The town of Sitka, Alaska, is a small community of about 9,000 people situated right on the water’s edge of Sitka Sound. Renowned for their abundant wildlife, hikes, and fishing opportunities, they describe themselves as a place “deeply connected to the natural world, where wilderness and culture collide.” Here, Molly Grear has been studying the environmental impacts of tidal and wave energy for the past year. She also spends her spare time contributing to the Climate Action Taskforce, a Sitka city municipal board that recommends climate change adaptation measures to city officials.
Mitigating the potential impacts of climate change in this remote Alaskan town (and across the globe) won’t just require strategies now, but also a prepared, next-generation workforce who can advance social and scientific solutions in the decades to come. Recognizing the need for students to have early, hands-on exposure to STEM (science, technology, engineering, and mathematics) subjects, Grear and another task force member, a middle school teacher from Blatchley Middle School, teamed up to make a ripple effect in their local community.
On a summer day in August, Grear met a group of middle school students by the Sitka Harbor for a science camp activity. She used curriculum she helped develop with Washington Sea Grant and the Pacific Marine Energy Center during her doctorate program at the University of Washington to show students how to build and deploy their own point absorber prototypes. Twenty in all, these point absorbers were miniature versions of real-life devices designed to capture wave energy as they float in the water and convert the motion of the buoyant part of the device relative to the base into electrical power.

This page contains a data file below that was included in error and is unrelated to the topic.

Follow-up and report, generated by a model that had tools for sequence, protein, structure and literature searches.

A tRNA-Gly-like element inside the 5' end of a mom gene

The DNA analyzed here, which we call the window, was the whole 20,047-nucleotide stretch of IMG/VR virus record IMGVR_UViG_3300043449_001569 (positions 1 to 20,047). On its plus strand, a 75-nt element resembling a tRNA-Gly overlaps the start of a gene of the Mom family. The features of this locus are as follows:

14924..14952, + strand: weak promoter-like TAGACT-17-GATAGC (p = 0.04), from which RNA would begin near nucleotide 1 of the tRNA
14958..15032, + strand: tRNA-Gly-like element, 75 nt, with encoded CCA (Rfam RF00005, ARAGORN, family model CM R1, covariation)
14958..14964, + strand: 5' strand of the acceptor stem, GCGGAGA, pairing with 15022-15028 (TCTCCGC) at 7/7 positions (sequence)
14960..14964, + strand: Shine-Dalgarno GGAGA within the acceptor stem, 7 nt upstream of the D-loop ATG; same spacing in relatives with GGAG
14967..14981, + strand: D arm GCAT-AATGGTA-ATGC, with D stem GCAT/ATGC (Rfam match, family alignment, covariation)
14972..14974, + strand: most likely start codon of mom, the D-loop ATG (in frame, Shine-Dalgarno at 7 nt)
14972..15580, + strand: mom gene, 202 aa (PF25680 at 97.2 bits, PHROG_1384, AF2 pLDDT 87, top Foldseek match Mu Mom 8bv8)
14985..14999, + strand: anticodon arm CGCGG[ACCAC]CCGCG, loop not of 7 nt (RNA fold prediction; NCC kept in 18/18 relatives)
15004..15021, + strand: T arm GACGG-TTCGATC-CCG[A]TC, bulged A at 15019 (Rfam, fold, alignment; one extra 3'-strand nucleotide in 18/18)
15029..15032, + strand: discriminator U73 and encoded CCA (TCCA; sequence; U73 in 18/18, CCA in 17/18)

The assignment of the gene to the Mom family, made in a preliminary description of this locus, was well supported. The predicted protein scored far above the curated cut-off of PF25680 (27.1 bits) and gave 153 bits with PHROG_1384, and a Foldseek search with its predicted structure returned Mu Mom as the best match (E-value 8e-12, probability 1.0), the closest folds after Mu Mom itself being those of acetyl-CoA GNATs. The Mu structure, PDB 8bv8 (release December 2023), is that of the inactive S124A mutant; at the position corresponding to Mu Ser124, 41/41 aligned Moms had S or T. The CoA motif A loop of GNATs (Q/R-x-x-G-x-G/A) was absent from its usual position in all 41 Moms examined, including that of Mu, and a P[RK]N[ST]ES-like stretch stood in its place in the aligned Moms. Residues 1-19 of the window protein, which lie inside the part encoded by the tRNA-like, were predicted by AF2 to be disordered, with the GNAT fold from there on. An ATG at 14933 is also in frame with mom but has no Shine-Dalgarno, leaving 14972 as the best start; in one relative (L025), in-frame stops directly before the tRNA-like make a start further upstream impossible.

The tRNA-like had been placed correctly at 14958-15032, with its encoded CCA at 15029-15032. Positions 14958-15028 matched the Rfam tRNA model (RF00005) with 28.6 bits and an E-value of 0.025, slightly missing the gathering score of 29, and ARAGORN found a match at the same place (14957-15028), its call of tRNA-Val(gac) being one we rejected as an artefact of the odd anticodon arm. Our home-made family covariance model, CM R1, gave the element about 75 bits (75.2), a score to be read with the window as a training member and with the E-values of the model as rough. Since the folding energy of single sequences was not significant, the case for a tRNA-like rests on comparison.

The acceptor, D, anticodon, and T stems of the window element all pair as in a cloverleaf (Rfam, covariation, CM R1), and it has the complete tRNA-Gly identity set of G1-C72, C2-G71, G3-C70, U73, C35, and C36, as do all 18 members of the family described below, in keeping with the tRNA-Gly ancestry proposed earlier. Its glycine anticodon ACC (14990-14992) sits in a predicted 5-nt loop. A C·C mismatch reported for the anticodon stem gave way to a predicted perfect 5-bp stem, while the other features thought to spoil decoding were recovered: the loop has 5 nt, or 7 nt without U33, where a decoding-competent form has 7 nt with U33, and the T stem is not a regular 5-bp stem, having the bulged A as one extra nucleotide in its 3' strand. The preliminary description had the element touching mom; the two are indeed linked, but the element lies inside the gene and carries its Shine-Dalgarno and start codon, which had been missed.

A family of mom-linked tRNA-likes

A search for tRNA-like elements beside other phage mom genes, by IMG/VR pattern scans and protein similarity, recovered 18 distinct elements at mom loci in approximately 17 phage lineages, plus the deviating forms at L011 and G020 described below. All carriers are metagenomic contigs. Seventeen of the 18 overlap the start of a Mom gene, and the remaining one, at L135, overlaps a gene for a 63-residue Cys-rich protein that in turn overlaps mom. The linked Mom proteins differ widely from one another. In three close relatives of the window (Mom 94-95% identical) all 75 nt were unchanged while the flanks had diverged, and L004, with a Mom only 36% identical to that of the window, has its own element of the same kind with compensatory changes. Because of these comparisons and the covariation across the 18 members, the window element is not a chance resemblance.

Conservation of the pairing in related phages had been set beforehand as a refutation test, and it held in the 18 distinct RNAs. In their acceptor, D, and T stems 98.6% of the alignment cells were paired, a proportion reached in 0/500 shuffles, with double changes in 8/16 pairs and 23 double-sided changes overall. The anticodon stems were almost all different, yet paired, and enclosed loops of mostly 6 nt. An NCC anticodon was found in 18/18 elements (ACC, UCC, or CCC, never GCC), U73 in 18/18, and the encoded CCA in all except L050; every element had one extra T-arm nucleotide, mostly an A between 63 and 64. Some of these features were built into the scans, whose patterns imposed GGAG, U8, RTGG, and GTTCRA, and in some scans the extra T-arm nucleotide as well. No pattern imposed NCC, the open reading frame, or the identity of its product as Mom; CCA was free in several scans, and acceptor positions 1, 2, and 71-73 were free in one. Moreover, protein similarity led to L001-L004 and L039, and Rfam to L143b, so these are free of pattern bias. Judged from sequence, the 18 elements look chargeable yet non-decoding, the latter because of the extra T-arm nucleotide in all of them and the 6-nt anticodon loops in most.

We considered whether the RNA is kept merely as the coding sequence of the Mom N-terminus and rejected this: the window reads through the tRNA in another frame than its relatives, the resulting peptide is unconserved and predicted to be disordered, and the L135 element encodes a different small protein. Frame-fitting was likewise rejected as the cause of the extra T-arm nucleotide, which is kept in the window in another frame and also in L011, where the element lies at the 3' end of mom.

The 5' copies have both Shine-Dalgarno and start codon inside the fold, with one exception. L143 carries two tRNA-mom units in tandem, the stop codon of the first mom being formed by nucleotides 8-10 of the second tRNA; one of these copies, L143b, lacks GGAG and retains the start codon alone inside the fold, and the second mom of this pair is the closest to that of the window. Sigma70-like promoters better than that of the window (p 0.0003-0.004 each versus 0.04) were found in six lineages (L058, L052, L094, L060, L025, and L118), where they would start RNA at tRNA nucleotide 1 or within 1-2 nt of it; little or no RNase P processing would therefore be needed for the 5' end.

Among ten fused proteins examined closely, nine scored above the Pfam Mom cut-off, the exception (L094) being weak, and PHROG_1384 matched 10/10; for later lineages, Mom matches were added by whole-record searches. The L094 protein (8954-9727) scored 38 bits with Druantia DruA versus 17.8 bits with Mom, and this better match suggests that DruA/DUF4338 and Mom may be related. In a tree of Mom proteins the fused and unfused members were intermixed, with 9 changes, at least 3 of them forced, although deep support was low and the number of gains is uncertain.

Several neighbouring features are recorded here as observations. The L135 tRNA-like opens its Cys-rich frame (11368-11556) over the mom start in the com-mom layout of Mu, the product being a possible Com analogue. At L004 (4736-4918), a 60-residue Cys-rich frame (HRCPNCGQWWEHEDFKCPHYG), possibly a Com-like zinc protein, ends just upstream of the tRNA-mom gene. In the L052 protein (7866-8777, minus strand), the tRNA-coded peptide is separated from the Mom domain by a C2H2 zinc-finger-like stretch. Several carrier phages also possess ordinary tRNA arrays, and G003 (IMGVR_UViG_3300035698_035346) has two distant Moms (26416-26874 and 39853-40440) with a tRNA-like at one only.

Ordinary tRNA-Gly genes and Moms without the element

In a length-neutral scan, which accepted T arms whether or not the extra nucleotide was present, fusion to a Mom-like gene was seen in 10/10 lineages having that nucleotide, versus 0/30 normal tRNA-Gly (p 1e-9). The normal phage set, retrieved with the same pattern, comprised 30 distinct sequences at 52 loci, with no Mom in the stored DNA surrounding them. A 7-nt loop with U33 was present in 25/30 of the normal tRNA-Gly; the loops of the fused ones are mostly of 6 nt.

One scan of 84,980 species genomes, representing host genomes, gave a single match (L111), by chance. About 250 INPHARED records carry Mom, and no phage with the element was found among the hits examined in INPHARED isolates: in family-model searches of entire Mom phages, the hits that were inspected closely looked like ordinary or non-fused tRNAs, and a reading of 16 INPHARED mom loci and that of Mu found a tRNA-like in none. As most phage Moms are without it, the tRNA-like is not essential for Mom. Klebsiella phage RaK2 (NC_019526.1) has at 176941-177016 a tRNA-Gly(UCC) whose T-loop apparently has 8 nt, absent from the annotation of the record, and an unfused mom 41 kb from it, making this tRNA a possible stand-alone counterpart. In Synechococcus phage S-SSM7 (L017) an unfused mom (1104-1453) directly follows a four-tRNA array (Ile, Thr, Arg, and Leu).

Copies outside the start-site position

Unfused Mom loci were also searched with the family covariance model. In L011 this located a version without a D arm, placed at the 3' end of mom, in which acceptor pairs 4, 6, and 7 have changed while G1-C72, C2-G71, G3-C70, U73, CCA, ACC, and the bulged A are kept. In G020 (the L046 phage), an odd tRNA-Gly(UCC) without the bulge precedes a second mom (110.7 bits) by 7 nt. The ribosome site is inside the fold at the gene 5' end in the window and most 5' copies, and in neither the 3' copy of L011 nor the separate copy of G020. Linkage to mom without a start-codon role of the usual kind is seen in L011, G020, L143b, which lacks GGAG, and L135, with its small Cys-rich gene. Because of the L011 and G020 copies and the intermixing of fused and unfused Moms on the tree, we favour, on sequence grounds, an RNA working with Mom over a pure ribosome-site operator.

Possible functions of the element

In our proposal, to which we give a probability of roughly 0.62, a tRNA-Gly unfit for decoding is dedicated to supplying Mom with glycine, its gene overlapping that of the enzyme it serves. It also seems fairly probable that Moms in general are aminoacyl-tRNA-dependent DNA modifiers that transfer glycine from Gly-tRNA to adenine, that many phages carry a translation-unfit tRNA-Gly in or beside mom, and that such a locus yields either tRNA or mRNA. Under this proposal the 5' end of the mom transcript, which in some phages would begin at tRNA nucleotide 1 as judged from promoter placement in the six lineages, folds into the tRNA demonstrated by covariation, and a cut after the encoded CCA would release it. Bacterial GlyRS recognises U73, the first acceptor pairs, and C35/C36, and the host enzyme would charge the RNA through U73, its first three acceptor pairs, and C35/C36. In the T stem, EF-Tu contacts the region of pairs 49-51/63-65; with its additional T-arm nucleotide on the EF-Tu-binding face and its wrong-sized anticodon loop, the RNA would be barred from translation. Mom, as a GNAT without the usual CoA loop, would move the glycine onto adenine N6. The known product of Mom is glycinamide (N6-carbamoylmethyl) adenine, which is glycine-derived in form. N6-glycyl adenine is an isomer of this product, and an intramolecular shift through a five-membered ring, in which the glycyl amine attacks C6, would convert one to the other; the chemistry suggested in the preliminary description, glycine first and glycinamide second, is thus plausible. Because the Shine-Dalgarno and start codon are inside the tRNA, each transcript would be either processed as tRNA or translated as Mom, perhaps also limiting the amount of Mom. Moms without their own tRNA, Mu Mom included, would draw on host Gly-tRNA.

The students started the day excited to be outdoors and see their friends and were curious about how much voltage they could generate from their devices. Grear explained how the prototypes worked and encouraged students to think about how energy was being harvested in addition to how the designs could be refined and improved.
“This group of students was particularly fun to work with,” Grear said. “They know about the ocean. They understand how powerful the waves are from growing up around them and playing in them.”
Boasting 44,000 miles of coastline and some of the largest tidal ranges in the world, Alaska holds enormous potential to birth new economic markets and sectors centered around wave and tidal energy. However, marine energy is still an emerging field. Exposing students from coastal communities to marine energy pathways early lays the educational foundation so they are equipped to build resilient infrastructure and robust economies for the future.
In the near-term, Grear hopes this experiment will open the door to future experiential field trips for the rural student populations of Sitka. She is already collaborating with the same middle school teacher to explore the potential of creating a curriculum around wind energy.
“You need everyone’s ideas to get the best solutions,” she said.
One of the best parts of the day was watching each student successfully build a functional prototype. And it turned out the students weren’t the only ones with an interest in studying how their devices harvested wave energy, either. As the group was testing out their designs, a very large and very curious sea lion swam right up to check out the prototypes. Luckily, no adverse environmental effects were observed!